"I'm going home, I'm going to see my wife," said Mark Abell, with a huge smile on his face after emerging from the hotel.

Abell, from Britain, had locked himself in his room during the siege. "These people here have been fantastic, the Indian authorities, the hotel staff. I think they are a great advertisement for their country," he said as security officials pulled him away.

The well-coordinated strikes by small bands of gunmen starting Wednesday night left the city shell-shocked.

Late Thursday, after about 400 people had been brought out of the Taj hotel, officials said it had been cleared of gunmen. But Friday morning, army commanders said that while three gunmen had been killed, two to three more were still inside with about 15 civilians.

A few hours after that, Thamburaj, the security official, said at least one gunman was still alive inside the hotel and had cut of electricity on the floor where he was hiding. Shortly after that announcement, another round of explosions and gunfire were heard coming from the hotel.

Indian Prime Minister Manmohan Singh blamed "external forces" for the violence - a phrase sometimes used to refer to Pakistani terrorists, whom Indian authorities often blame for attacks.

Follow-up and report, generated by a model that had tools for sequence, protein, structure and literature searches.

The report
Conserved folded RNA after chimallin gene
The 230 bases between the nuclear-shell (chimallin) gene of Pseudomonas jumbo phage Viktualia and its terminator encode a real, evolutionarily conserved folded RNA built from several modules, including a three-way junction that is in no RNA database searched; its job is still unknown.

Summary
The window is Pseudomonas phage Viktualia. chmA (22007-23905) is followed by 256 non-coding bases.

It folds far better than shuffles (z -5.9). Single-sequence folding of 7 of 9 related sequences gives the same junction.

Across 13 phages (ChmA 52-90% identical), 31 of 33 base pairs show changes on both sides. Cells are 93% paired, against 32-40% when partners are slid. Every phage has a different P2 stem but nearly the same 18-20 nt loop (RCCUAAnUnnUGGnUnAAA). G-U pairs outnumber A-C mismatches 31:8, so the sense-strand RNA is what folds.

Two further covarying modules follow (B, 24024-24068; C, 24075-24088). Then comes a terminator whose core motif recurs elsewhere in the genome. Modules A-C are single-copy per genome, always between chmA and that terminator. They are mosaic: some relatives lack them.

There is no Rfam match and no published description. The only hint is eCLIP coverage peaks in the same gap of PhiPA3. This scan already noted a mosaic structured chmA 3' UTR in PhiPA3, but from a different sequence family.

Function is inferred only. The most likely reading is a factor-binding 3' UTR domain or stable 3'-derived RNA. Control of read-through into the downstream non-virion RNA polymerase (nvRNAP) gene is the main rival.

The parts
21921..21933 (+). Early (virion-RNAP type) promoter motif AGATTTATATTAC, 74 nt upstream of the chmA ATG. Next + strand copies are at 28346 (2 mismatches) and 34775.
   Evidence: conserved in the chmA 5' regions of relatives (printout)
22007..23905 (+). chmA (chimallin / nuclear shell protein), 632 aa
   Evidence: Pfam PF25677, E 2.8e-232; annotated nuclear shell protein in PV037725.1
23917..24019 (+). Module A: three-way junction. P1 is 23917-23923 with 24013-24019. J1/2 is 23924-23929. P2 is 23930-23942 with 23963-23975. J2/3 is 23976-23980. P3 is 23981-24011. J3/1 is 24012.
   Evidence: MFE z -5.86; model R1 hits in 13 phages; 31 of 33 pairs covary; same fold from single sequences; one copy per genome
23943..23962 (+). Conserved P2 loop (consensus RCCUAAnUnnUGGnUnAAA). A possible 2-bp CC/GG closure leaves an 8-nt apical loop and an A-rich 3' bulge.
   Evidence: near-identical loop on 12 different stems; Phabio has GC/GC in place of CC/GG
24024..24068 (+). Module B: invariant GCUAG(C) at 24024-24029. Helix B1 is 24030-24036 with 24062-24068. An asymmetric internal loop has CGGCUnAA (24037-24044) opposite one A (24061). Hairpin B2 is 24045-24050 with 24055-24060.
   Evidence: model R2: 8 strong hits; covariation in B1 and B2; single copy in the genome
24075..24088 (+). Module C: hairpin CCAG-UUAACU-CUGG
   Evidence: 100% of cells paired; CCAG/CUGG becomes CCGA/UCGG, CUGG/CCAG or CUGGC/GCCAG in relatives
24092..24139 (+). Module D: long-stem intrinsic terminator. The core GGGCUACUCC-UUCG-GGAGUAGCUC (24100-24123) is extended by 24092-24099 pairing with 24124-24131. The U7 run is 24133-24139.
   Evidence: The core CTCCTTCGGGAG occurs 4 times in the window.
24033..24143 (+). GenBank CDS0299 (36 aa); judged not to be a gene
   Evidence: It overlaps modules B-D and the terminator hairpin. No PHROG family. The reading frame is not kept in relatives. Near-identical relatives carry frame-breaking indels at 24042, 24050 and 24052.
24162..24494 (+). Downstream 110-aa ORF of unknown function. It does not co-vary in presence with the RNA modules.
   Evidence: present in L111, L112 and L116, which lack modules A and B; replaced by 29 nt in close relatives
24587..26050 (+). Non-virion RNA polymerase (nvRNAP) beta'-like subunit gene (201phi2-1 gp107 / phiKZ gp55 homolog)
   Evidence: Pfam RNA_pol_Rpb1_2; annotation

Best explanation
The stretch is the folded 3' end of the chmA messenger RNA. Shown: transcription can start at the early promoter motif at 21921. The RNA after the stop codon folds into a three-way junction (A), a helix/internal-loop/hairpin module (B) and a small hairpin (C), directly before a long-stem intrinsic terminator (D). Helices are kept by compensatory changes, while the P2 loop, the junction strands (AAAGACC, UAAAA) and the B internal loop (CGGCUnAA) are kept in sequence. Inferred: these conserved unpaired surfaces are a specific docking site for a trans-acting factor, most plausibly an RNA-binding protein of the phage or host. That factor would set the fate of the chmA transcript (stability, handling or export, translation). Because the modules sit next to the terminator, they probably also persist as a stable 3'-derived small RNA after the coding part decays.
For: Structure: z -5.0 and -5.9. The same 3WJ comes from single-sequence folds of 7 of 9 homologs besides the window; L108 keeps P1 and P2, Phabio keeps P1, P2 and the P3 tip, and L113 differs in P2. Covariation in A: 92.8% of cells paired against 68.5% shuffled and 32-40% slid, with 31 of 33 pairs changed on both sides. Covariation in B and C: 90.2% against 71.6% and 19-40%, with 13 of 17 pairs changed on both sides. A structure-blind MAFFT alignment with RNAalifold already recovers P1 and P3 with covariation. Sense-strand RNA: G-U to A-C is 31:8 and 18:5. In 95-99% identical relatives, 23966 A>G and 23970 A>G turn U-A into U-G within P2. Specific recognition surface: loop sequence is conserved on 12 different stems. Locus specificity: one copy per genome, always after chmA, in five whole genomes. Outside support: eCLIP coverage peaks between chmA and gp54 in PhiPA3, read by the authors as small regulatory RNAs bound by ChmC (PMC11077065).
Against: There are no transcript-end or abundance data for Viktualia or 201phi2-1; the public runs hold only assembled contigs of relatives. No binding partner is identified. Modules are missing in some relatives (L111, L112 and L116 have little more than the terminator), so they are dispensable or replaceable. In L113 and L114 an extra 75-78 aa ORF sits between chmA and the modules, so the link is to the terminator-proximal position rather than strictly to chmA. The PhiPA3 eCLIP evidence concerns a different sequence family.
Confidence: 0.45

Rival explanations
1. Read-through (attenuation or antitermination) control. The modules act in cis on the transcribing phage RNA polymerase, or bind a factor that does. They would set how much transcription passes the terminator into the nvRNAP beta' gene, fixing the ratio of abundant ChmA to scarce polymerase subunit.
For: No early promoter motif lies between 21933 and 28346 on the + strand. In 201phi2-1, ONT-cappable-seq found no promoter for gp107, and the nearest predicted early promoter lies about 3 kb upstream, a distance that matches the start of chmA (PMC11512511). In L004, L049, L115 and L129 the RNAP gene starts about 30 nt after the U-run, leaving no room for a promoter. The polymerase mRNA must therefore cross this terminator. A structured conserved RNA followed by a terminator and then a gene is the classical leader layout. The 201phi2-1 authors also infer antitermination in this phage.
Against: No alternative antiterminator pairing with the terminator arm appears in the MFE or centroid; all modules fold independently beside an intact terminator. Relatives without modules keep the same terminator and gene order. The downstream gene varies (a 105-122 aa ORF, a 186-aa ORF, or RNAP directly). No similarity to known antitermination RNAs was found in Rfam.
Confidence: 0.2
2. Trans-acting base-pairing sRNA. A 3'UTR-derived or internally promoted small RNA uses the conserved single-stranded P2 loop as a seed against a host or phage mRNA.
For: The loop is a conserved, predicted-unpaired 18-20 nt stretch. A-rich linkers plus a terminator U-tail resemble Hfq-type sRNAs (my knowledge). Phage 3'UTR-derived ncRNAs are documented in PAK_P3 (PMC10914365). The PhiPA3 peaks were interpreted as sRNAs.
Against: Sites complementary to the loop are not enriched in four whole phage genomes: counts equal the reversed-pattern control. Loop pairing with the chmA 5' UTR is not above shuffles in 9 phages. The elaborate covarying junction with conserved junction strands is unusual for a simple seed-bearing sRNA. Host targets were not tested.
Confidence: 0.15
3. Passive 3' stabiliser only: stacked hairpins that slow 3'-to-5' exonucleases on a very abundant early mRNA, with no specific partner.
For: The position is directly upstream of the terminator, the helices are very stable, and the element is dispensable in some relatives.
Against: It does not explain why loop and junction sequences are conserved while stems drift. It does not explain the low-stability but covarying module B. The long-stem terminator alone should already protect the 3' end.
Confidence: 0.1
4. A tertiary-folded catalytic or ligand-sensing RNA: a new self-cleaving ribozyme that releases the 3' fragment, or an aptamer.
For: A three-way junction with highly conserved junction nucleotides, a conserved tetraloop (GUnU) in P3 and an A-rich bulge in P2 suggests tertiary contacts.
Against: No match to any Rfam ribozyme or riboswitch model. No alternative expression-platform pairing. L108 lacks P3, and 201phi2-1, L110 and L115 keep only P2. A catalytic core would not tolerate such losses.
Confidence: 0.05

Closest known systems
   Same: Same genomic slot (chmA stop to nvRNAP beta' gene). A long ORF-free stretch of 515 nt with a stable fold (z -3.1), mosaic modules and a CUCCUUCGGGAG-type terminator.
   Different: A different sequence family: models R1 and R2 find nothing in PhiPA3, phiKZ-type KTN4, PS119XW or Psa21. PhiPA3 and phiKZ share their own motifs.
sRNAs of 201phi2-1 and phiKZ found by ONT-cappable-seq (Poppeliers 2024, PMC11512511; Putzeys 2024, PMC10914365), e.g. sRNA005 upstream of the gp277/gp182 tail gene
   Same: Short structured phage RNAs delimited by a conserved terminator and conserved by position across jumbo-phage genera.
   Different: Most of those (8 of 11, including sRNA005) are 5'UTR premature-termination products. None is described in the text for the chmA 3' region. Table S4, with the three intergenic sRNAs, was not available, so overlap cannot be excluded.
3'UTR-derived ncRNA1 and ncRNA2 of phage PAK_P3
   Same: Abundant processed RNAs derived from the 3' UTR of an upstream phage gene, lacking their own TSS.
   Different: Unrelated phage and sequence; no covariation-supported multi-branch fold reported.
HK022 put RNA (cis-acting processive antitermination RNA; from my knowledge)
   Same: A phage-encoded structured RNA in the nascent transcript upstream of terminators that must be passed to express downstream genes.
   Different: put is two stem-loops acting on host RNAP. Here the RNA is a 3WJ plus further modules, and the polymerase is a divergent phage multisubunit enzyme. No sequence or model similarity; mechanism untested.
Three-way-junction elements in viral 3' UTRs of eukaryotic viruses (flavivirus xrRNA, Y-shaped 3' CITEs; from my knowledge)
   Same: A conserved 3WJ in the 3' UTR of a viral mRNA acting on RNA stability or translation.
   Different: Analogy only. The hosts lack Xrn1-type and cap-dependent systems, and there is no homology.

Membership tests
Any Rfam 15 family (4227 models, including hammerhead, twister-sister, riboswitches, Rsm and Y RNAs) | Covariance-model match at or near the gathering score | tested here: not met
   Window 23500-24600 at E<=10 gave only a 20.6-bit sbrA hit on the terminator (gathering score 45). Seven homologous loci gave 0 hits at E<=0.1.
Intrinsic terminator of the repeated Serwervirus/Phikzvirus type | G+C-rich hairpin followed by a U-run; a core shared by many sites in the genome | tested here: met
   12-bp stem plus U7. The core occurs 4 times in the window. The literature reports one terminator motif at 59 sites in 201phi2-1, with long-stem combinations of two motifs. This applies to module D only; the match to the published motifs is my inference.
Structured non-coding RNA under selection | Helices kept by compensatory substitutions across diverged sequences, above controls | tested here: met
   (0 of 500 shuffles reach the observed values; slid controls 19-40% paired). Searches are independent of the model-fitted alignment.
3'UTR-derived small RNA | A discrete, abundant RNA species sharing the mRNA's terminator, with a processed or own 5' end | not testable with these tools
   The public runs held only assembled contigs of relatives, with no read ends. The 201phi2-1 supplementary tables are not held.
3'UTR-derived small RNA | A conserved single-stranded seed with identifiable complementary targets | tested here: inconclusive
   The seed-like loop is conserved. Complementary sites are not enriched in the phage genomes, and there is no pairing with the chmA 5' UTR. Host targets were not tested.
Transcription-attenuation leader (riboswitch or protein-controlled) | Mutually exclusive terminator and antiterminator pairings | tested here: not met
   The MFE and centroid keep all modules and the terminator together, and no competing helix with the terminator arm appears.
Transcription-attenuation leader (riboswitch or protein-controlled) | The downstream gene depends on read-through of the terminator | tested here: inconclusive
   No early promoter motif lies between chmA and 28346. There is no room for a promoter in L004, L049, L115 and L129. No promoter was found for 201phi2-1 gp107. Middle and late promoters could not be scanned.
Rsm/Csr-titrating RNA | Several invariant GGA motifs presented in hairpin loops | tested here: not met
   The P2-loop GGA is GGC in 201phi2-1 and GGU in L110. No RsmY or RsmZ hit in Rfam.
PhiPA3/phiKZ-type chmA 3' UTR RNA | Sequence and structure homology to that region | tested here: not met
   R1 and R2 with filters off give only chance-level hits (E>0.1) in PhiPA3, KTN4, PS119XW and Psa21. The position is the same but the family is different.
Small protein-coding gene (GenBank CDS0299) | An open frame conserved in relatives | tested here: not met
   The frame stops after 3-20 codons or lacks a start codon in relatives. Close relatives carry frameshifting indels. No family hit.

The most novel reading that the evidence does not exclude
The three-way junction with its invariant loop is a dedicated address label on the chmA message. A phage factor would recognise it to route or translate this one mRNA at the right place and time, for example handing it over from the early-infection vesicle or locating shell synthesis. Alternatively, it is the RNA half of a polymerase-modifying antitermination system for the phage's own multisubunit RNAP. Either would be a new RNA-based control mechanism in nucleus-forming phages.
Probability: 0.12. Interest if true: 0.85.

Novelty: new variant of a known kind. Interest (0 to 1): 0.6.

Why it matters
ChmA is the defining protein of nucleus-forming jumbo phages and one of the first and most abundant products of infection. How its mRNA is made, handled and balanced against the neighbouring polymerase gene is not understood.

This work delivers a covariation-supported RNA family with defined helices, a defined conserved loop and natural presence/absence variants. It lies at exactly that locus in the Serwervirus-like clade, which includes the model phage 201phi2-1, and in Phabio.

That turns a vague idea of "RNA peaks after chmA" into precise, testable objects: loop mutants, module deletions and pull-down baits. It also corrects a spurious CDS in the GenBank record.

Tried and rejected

On Friday, India's foreign minister ratcheted up the accusations over the attacks.

"According to preliminary information, some elements in Pakistan are responsible for Mumbai terror attacks," Pranab Mukherjee told reporters in the western city of Jodhpur.

"Proof cannot be disclosed at this time," he said, adding that Pakistan had assured New Delhi it would not allow its territory to be used for attacks against India. India has long accused Islamabad of allowing militant Muslim groups, particularly those fighting in the disputed Himalayan region of Kashmir, to train and take shelter in Pakistan. Mukherjee's carefully phrased comments appeared to indicate he was accusing Pakistan-based groups of staging the attack, and not Pakistan itself.

Islamabad has long denied those accusations.

Earlier Friday, Pakistan's Defense Minister Ahmed Mukhtar, in Islamabad, denied involvement by his country: "I will say in very categorical terms that Pakistan is not involved in these gory incidents."

The gunmen were well-prepared, apparently scouting some targets ahead of time and carrying large bags of almonds to keep up their energy.

"It's obvious they were trained somewhere ... Not everyone can handle the AK series of weapons or throw grenades like that," an unidentified member of India's Marine Commando unit told reporters, his face wrapped in a black mask. He said the men were "very determined and remorseless."